In the foreign-degree environment, the MOE hasn’t approved any new "joint programs" (in which the foreign partner confers a degree and the local partner awards a certificate) for years now, and with some justification – the programs aren’t delivering enough development for the Chinese partners. But dual-degree MBA programs, in which both parties confer a degree and no MOE approval is required, show more promise. Shanghai’s Tongji University launched one such program with the University of Manchester last autumn, joining Peking University’s Guanghua School of Management, which has several such programs, and the high-profile Tsinghua-INSEAD EMBA in the space.
Two degrees not enough for you? Hong Kong University launched a three-degree EMBA program with Columbia and the London School of Business in spring 2009. Shanghai’s Fudan University has tied up with Korea University and the National University of Singapore to offer what they call S3, in which students study in all three locations, and take degrees from whichever two of the three they designate.
CEIBS and Webster continue to enroll the lions’ share among the foreign-affiliated entities here. CEIBS enrolls nearly 200 students per year in their full-time MBA program, and more than 700 EMBA students. Webster has about 220 students enrolled in their four locations in China.
We’ve also seen at least two new entrants in the space. The University of Manchester has opened an office in Shanghai with the aim of launching their own EMBA program, and Duke University’s Fuqua School of Business signed an MOU with Shanghai Jiao Tong’s Antai College, one piece of which calls for the establishment of an EMBA program. Fuqua has also broken ground on a stand-alone facility in the Kunshan suburb of Shanghai. Headed the other way, the University of Maryland’s Smith School withdrew its EMBA program from Shanghai some months back, after years of struggle.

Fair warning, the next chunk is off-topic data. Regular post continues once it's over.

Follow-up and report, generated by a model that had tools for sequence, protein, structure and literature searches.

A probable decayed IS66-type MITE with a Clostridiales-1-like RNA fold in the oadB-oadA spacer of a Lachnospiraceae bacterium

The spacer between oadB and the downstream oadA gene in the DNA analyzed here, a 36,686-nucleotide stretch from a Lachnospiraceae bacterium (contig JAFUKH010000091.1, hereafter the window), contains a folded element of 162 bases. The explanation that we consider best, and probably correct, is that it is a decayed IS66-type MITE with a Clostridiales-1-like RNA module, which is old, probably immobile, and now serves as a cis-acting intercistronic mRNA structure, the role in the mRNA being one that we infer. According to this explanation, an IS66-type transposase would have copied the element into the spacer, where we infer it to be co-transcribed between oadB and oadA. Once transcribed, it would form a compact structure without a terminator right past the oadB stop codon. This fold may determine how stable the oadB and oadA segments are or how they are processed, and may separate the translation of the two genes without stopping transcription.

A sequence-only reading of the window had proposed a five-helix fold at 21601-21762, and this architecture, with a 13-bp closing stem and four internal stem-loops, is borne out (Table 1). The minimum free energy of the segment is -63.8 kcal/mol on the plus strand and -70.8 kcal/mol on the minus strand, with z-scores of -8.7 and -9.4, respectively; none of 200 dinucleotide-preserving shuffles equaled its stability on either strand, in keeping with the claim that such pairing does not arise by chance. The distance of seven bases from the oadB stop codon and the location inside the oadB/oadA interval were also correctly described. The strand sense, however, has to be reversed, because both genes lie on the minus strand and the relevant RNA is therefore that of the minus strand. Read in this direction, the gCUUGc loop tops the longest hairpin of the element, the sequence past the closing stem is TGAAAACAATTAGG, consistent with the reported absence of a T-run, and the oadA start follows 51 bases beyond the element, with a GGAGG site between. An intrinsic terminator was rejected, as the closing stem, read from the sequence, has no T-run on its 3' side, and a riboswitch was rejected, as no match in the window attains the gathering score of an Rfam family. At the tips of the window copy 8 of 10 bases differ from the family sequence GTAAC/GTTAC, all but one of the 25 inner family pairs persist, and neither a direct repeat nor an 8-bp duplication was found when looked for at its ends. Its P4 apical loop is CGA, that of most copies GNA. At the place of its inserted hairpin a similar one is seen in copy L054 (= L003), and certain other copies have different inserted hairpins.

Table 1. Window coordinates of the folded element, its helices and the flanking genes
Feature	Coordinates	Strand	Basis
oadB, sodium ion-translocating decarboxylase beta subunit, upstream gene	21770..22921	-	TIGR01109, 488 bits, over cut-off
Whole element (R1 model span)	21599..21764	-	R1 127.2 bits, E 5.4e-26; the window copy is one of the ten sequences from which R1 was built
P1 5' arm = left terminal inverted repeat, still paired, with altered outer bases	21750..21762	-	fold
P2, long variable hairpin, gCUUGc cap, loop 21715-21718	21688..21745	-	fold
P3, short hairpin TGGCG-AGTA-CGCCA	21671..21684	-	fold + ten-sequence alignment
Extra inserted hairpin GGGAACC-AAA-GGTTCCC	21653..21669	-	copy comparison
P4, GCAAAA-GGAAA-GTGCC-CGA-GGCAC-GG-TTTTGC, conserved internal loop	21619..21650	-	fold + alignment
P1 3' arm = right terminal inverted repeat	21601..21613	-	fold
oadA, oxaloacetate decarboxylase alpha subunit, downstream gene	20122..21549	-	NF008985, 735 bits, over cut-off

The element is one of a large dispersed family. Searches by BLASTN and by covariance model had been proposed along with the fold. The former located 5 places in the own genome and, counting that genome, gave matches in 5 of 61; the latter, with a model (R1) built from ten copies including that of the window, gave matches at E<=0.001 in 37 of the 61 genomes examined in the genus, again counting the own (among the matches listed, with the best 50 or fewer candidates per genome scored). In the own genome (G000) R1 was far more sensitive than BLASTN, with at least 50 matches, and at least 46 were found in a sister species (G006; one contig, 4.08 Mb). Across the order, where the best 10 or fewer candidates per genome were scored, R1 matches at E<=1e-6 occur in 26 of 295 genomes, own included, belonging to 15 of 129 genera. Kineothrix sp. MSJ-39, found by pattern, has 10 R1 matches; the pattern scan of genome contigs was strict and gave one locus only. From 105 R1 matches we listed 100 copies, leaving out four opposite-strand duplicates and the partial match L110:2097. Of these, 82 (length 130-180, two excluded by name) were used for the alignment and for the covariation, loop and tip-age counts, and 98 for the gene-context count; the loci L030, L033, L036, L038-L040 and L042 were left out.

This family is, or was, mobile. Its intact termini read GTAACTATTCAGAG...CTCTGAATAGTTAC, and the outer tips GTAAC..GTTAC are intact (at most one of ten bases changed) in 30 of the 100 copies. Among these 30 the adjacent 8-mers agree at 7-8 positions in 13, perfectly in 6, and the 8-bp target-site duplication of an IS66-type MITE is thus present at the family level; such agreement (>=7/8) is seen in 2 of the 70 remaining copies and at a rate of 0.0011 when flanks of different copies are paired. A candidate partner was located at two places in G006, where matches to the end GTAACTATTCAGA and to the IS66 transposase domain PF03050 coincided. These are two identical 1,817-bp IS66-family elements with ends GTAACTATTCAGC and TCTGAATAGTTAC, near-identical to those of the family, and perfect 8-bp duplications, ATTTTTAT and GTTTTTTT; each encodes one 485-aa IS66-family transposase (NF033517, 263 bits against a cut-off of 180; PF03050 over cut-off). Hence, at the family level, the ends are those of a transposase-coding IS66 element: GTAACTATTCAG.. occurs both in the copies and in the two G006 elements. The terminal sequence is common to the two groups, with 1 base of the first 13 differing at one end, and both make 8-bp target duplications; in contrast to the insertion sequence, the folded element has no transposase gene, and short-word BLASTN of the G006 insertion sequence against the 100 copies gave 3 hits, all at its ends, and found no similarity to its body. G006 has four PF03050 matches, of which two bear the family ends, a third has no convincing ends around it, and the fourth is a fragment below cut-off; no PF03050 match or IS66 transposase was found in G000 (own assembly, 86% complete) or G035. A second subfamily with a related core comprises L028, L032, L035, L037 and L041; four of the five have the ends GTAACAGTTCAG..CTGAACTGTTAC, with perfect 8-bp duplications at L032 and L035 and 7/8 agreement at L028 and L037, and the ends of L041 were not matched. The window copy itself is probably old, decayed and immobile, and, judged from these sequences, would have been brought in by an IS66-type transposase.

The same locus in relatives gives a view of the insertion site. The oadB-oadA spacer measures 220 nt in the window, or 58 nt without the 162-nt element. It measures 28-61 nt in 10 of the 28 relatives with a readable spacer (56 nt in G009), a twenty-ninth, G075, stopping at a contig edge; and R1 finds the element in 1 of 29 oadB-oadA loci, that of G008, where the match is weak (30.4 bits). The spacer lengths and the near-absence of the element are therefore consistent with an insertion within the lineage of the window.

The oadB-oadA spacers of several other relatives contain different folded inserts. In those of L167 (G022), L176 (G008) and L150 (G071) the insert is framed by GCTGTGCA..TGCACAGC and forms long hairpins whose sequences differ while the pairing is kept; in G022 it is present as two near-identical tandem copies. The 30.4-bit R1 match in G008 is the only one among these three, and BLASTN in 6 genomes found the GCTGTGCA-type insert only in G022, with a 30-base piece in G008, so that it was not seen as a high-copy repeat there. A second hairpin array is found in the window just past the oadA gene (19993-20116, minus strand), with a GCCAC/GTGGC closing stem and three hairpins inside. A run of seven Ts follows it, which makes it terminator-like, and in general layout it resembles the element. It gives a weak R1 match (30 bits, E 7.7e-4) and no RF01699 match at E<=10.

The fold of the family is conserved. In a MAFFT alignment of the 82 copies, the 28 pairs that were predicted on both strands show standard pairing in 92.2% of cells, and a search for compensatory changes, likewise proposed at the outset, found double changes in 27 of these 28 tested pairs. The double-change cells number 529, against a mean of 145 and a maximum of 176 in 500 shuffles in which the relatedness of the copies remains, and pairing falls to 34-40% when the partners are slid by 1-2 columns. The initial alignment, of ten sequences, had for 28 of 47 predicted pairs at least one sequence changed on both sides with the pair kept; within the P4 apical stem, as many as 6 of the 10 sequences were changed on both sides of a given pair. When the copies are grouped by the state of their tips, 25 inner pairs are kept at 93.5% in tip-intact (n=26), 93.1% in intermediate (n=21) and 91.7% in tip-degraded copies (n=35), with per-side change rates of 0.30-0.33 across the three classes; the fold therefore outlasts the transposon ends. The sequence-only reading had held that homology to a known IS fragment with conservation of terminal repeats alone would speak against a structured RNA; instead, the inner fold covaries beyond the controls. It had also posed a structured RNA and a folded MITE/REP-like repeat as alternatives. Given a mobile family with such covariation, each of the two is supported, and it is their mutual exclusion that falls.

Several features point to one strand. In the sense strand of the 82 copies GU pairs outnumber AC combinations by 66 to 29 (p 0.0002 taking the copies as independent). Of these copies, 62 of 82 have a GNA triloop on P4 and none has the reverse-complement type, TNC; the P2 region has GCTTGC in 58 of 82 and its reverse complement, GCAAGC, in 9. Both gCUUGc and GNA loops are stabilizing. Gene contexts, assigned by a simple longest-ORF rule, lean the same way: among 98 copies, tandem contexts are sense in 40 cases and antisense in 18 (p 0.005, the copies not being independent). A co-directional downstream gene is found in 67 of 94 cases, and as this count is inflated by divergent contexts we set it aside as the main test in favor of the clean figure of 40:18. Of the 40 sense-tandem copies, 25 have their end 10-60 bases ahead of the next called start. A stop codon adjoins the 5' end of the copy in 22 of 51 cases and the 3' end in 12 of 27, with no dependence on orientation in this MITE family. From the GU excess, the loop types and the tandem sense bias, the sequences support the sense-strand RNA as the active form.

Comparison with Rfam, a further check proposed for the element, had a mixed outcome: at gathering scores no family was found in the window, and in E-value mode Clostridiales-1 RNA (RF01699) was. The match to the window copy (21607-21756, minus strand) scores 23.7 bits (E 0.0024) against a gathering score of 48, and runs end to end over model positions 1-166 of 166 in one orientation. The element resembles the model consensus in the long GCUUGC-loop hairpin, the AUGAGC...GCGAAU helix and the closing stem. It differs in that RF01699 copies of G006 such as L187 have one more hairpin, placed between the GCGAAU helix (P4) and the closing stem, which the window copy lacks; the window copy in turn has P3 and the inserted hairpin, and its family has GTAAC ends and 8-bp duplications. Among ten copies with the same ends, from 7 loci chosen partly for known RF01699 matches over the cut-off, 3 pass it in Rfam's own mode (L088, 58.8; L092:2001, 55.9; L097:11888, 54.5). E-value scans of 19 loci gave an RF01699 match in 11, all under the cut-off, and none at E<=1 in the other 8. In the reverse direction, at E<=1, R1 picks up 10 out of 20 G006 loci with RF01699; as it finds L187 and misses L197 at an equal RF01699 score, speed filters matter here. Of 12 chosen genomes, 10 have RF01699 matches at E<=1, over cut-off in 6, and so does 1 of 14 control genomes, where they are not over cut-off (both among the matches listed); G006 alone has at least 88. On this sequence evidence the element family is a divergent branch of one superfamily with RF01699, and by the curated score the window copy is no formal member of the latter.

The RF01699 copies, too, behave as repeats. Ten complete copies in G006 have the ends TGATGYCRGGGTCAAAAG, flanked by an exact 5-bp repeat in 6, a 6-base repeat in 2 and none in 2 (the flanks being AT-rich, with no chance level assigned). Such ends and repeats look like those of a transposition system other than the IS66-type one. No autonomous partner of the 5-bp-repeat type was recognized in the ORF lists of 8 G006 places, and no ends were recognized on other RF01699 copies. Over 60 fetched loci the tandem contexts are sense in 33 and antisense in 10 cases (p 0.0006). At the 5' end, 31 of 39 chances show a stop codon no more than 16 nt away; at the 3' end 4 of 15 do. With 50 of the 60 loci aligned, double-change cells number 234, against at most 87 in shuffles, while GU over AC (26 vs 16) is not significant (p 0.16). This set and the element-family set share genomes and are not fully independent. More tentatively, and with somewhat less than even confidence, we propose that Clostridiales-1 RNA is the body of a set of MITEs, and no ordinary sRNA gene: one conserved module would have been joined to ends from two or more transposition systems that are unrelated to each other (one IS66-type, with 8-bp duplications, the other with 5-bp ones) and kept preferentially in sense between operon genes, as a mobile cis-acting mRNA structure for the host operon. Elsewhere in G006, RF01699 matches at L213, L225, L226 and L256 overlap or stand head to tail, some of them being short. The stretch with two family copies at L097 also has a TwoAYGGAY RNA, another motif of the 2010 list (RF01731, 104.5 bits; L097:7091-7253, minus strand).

A bit of advice
The business education market in China may be compared to the automobile market in the US 90 years ago, when a rapid increase in urbanization and disposable income, combined with technological development and market savvy on the part of suppliers led to an explosion of offerings and aggregate consumption. We’re now seeing thousands of locally based offerings in the business education space here, along with rapidly increasing market segmentation (joint degrees, domestic degrees, dual degrees, certificate courses, etc.). Look for the market to continue to evolve at the pace that China’s overall economy is, and for more players to be left in the dust kicked up by the wheels of well-tuned and faster-running enterprises.
A bit of advice to potential MBA or EMBA students: Taking such a program is one of the largest investments you will ever make in your career, with the time invested being more valuable than the cash. Consider first whether such a program will bring sufficient ROI, and only then which type of program offers the best ROI for your specific circumstances. Market research is essential. Spend time with current and former students and faculty. Sit in on a class. Some offer big brand value but may not have a cohort of students, or a curriculum, that support your goals. Others may not have such brand value but may offer in return a stronger cohort or curriculum.
To foreign institutions looking to enter the China market or to expand here: Your competitive environment is much more severe than that of your Chinese counterparts. You’ll need to bring your best game. The market will grade your performance!